At times like these, your clients, your staff, your families and the communities you serve want and need certainty to help them deal with the challenges confronting us.
They may not directly voice it, but they do want it.
More certainty, more confidence, more leadership.
Thinking about Maslow’s hierarchy of needs, a lot of people have reverted ‘down’ the pyramid to survival mode. They’re thinking about ‘getting by’, ‘weathering the storm’, and managing their health AND their finances till things get better.
Or said differently, most people revert to self-focus.
As a broker, whether you’re the business owner or a loan writer, right now is a chance to lead people through this process and give them the more confidence to know you’ve got their back and that they have options.
Though some brokers might think leadership is for other people, it’s not.
It doesn’t matter whether you have a team of 10 or a team of one (you).
The title is irrelevant, but what you do matters greatly.
The decisions you make and actions you take will define your ability to impact, educate, guide and support others through these times.
And it will set a precedent for the tone and momentum of your own business.
Possibly, you might have noticed yourself thinking “what’s going to happen to my business?” That is TOTALLY understandable, though I implore you to be others-focused.
Your staff need you to give them certainty, and your clients will value the same.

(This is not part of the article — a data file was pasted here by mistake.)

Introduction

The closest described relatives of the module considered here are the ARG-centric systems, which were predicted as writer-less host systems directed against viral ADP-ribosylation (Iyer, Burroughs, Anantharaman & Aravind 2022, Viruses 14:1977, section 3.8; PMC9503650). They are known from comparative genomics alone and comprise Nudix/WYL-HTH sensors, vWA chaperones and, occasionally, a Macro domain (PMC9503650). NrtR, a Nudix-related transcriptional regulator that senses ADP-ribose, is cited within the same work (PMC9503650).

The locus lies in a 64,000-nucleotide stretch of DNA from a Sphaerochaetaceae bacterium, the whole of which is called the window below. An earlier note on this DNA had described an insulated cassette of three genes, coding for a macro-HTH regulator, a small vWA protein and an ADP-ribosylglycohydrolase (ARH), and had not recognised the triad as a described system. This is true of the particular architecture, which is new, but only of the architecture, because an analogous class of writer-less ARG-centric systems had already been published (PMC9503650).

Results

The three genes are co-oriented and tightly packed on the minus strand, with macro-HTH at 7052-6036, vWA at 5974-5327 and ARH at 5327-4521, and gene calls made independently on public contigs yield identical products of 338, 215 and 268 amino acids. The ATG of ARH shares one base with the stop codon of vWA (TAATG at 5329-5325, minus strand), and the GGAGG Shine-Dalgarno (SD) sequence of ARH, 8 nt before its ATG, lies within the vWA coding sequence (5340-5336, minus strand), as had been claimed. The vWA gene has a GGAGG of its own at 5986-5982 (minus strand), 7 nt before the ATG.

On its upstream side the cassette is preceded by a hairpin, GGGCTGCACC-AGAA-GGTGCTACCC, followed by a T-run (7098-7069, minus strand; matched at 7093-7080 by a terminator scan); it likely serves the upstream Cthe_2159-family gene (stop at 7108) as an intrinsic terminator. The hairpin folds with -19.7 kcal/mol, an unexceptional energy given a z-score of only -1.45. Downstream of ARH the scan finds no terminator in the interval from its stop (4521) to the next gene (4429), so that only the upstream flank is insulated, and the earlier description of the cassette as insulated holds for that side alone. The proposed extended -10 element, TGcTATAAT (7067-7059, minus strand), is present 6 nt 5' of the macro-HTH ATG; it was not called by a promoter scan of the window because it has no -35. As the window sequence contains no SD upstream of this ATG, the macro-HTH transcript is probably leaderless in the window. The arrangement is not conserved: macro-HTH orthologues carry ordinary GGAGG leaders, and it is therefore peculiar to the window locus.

With that in mind, here are some insights that can help you navigate your way forward.
If you’ve not already done, so, call a team meeting and give people an update on your plan. Whether it’s business as usual, business by a remote dial-in. Whatever the case, communication is key.
Facilitate a discussion re any personal needs they might have. Listening to them, getting their feedback and input will be valuable so they know you’re on their side.
Of course, it’s important to set (or maintain) a rhythm around maintaining productivity at work. People like habits, and keeping them focused on tasks at hand is a helpful way to stay mentally present on what matters instead of getting caught up too much in the drama.
Consider reducing your own (and your team’s) time on social media. There’s a lot of negativity with some posts and images, and by lessening your exposure, the less it seeps into the psyche.
If your aggregator has prepared an email to update clients re your ability to continue supporting them, I’d be sending that out pronto if not done already.
Money. I’m not a financial planner, and this isn’t advice, but do consider sharing an app with clients that can help them get a grip on their finances so they can make better (and potentially more rational) decisions re what they spend.
A perennially popular app is Pocketbook (it’s free), but if you want more options, check out this blog post on Mozo for some suggestions.
Talk. Let them know you are open for business and they can contact you and your team at any time. Even if their need isn’t directly related to a loan, the mere act of offering to help can give people more confidence in you and in their options
Appointments. If you’re choosing to do appointments remotely (i.e., via zoom), let people know so they can accordingly. I recorded these videos on how you can set up the tech to make it easy for you and your clients.
Hardship. If clients are experiencing hardship or anticipating that they soon will be, let them know they can talk with their lender and explore options without affecting their credit score
Review. Given the movement with interest rates, it could be opportune to conduct a review and help clients put more cashback into their household
The key theme with the above is to be proactive and to communicate.
Now is the time when Australians need you to be in their corner, so be that person for them.